The fact that the Domain Name adds the “.org” top level domain name to Complainant's trademark does not keep the Domain Name from being confusingly similar to Complainant's mark. A number of panels applying the Policy have held that the addition of a top level domain, such as .us, .com, .net, or .org, to a trademarked word does not sufficiently differentiate the resulting domain name from the trademark wholly incorporated in that domain name so that the domain name does not infringe the trademark incorporated therein. See Actelion Pharmaceuticals Ltd. v. Kumar Bhatt dba Bosentan.com (Nat. Arb. Forum Oct. 31, 2001) (finding respondent’s domain name bosentan.com to be identical to complainant’s BOSENTAN mark); see also Boehringer Ingelheim Corp. v. Bhatt, FA 560011 (Nat. Arb. Forum Aug. 11, 2000) (finding meloxicam.com and telmisartan.com identical to drugs MELOXICAM and TELMISARTAN); Pomellato S.p.A. v. Tonneti, D2000-0493 (WIPO July 7, 2000) (finding pomellato.com identical to Complainant’s mark, because addition of generic top-level domain after POMELLATO is not relevant). Because the Domain Name consists solely of Complainant’s GSK trademark with the addition of the descriptive term “forum,” the Domain Name and Complainant’s mark are confusingly similar.
The fact that the Domain Name has been registered in order to be confusingly similar to Complainant’s trademarks is made even more clear by the fact that Complainant has been operating the website SAS.COM since 1990, 16 years prior to registration of the Domain Name. Complainant has common law use of SAS.COM since at least as early as the registration of the Domain Name.
B. Respondent Has No Rights or Legitimate Interests in the Domain Name
Complainant respectfully asserts that Respondent has no legitimate rights or interest in respect of the Domain Name.
Decisions applying the Policy have found that the fact that a Respondent is not known by a mark indicates the Respondent has no rights in the mark. See Strojirny v. Rautiainen, D2000-1394 (WIPO Dec. 20, 2000) (finding that respondent has no rights or legitimate interests in the domain name where respondent is not commonly known by the distinct ADAST mark and has made no use of the domain name in question); Gallup Inc. v. Amish Country Store, FA 96209 (Nat. Arb. Forum Jan. 23, 2001) (finding that respondent does not have rights in domain name when respondent is not known by the mark); Compagnie de Saint Gobain v. Com-Union Corp., D2000-0020 (WIPO Mar. 14, 2000) (finding no rights where Respondent was not commonly known by the mark and never applied for a license from Complainant).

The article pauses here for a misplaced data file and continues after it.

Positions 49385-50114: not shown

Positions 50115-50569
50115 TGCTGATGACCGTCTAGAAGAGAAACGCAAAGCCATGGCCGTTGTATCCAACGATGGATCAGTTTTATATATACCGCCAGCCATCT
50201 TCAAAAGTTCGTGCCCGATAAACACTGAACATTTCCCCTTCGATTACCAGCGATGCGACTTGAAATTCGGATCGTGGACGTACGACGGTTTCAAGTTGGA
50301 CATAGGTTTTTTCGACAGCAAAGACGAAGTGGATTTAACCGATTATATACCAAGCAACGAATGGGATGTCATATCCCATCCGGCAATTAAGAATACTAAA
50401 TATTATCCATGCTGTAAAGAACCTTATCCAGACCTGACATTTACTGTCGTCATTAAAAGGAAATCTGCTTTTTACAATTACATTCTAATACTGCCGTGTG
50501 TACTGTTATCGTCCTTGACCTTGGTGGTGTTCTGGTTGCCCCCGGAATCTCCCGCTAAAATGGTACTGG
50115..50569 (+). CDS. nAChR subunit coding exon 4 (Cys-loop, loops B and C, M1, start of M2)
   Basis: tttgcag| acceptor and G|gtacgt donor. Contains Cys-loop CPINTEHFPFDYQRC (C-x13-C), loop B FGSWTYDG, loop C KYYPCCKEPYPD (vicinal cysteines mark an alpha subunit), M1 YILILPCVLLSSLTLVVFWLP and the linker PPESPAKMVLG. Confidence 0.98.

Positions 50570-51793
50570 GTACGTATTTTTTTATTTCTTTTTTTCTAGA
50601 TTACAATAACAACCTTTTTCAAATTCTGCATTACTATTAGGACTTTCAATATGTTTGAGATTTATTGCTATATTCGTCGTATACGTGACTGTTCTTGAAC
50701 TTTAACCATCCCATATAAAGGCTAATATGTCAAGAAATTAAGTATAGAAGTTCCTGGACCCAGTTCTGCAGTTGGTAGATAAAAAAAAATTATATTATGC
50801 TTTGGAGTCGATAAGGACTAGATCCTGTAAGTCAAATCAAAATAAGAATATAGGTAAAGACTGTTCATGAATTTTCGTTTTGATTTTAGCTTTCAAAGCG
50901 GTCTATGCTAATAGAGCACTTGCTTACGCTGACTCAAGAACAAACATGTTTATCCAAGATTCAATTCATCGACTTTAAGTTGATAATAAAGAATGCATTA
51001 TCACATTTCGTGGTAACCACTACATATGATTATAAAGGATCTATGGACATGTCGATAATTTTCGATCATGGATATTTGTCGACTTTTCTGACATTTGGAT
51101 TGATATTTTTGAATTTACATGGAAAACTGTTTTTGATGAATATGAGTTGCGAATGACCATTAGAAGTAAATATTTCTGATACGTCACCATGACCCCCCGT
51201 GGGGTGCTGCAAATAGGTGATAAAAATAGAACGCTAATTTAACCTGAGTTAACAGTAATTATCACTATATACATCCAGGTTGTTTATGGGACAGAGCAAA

Respondent has no connection or affiliation with Complainant, and Complainant has not consented to Respondent’s use of the Domain Name. Further, neither Respondent nor its business are known by the name “SAS” or “SAS Forum.”
C. Respondent Has Registered and Is Using the Domain Name in Bad Faith
Complainant respectfully asserts that the Respondent has registered the Domain Name in bad faith. Paragraph 4(b) of the Policy sets forth a non-exclusive list of factors for determining bad faith.
The Respondent is attempting to increase its own internet traffic through association with Complainant’s trademarked name. Use of the Domain Name will likely cause confusion as to Complainant’s sponsorship of or affiliation with the resulting website. Complainant operates a web site at SASFORUM.ORG which prominently displays Complainant’s trademark in connection with what appears to be a computer software forum. Users must register their personal information in order to participate, at which point them will be allowed to discuss a variety of sexually explicit topics.
Because the mark “SAS” is a well-known mark used to identify Complainant’s computer products and services, it is clear that the Respondent registered the Domain Name with the intent to divert users seeking information about Complainant’s products and services to Respondent’s web site. Such use for Respondent’s own commercial gain is additional evidence of Respondent’s bad faith registration and use pursuant to Policy ¶4(b)(iv). See Perot Sys. Corp. v. Perot.net, FA 95312 (Nat. Arb. Forum Aug. 29, 2000) (finding bad faith where the domain name in question is obviously connected with the complainant’s well-known marks, thus creating a likelihood of confusion strictly for commercial gain).
Further, the diversion of a domain name to a pornographic web site, whatever Respondent’s motivation, is in and of itself evidence that the disputed domain name was registered and is being used in bad faith. See Six Continents Hotels, Inc. v. Seweryn Nowak, WIPO Case No. D2003-0022; Caledonia Motor Group Limited v. Amizon, WIPO Case No. D2001-0860; Bass Hotels & Resorts, Inc. v. Mike Rodgerall, WIPO Case No. D2000-0568.
Respondent’s use of Complainant’s entire mark in the Domain Name serves as an additional indication of bad faith. The use by Respondent of Complainant’s entire mark makes it difficult to infer a legitimate use of the Domain Name by Respondent. In Cellular One Group v. Paul Brien, WIPO Case No. D2000-0028 (March 10, 2000), complainant filed a WIPO complaint against the registrant of domain name cellularonechina.com. The WIPO panel agreed with complainant that the registrant unlawfully registered an identical or confusingly similar domain name in bad faith. Moreover, the Panel inferred bad faith use of cellularonechina.com, because the domain name included Complainant’s entire coined trademark.
As in Cellular One, use by Respondent of Complainant’s entire mark makes it difficult to infer a legitimate use of the Domain Name. Respondent’s Domain Name uses the entirety of Complainant’s well-known SAS mark with the addition of the descriptive term “forum.” On the website associated with the Domain Name, Respondent prominently displays Complainant’s trademark in connection with what appears to be a software forum. No plausible explanation exists as to why Respondent selected an almost identical version of this mark as part of the Domain Name other than to trade on the goodwill of Complainant.